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College of Extended Learning recognized for outstanding service

Published 1/22/19

Hunter McCrary

TNE Writer

The College of Extended Learning received an award recognizing the Healthcare Administration Certificate program. The CEL is a part of the Continuing Education department. It allows professionals to extend the knowledge they have acquired. The 2018 Outstanding Services to Underserved Populations award was presented to CEL by the Association for Continuing Higher Education.

“I am the proud sponsor of the program and support Mr. Tozzio's efforts from every direction,” said Eloy Chavez, CEL dean. “There is a strong belief that we could reach out beyond the USA. This is the only reason CEL has succeeded far beyond our expectations. With endorsement from our president, Dr. Turner, along with strong internal staff support and of course Mr. Tozzio's high quality knowledge base, NSU is now an internationally recognized program serving the underserved, especially in African nations.”

Mark Tozzio has been an administrator for over 38 years. The last five years have been dedicated to this program. He is dedicated to helping continue the education of the students. This program allows international health professionals a chance to improve their knowledge at an affordable rate. Tozzio has students in Ethiopia, Kenya, the Cayman Islands and Aruba.

“There have been over 200 international students to take one or more of the five courses offered,” said Tozzio. “Students are able to take online courses through NSU to help keep them on top of their careers. In the job market, there is little to no opportunity to extend knowledge except for programs like these. We bring the quality of education found here in Tahlequah but offer it to underserved countries. I have learned of countries I did not know existed until this program.”

This program is solely online and requires students to use Blackboard. It has been adapted to function on a mobile phone instead of a computer due to the greater accessibility. Tozzio believes that IT’s assistance was absolutely critical to the program.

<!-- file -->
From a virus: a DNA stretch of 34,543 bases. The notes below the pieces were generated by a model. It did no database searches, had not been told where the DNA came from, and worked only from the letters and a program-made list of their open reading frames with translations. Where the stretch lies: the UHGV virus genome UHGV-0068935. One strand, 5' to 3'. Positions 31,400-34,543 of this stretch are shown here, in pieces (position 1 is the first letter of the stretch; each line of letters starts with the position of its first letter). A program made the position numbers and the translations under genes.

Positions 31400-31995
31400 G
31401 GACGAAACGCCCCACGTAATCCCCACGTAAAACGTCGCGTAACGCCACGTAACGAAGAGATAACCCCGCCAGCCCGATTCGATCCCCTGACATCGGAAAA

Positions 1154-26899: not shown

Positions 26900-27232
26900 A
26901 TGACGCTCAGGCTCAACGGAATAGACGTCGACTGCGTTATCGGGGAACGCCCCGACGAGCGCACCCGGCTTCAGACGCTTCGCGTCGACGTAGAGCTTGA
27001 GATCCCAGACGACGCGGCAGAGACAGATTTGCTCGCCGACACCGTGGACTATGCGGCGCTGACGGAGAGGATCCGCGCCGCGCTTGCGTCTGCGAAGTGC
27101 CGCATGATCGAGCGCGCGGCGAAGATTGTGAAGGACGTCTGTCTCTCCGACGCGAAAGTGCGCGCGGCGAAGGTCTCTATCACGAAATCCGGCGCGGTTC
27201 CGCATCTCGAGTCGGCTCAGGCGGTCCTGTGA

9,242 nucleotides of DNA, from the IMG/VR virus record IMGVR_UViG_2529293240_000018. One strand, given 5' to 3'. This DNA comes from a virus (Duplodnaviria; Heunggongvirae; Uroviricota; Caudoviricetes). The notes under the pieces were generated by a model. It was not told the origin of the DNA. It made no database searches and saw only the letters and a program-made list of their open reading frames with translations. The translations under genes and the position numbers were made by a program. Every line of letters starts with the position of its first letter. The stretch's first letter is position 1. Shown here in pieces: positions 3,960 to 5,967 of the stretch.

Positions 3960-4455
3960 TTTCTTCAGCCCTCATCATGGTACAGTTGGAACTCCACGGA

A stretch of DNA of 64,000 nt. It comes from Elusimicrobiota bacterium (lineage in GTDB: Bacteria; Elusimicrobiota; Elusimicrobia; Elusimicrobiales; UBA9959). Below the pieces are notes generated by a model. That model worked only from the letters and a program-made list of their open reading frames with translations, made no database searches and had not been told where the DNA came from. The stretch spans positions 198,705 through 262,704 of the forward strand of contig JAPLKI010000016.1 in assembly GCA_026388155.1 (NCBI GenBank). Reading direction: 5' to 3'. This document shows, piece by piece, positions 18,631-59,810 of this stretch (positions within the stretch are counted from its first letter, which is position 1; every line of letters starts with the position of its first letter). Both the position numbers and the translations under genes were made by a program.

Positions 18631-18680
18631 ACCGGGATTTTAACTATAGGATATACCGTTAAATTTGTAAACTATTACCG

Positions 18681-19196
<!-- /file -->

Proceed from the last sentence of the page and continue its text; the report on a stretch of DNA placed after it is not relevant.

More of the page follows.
“This is context-based learning, not teaching American style,” said Tozzio. “They are supposed to take the knowledge they have gained and apply it to their conditions.”

Tozzio said the Center for Teaching and Learning takes Blackboard as far as 8,000 miles away in Africa, where the challenges of online learning are being conquered. Since the whole program is online, it must be user friendly and have the ability to change and evolve. This requires major help from the IT department.

“My part of the program was basically organizing Mark’s thoughts,” said Jerol Skinner, CTL director. “Taking known studies for online learning and applying their principals to his courses to maximize the learning for users. I tried to format the courses to be conducive to their ability to learn.”

This program took time, effort and change to be what it is today.

It is tough to build even a small following abroad as the competition is tough,” said Chavez. “At times we only had two students attending the course, but we learned from our experiences. Today the course has grown to 18 to 20 learners in each course, mostly international physicians and executives. The successes from our program have been communicated within the region and we are now being sought out as a viable skill training source of advancement.”

The program is still trying to reach other countries in Africa, and it is developing relationships with South American countries. This award was received with the highest of honor and is also the program’s first award. The program honored the first eight students with their certificates last summer, seven of which are from the Cayman Islands and one is from Aruba. For more information, call the College of Extended Learning at 918-449-6225.

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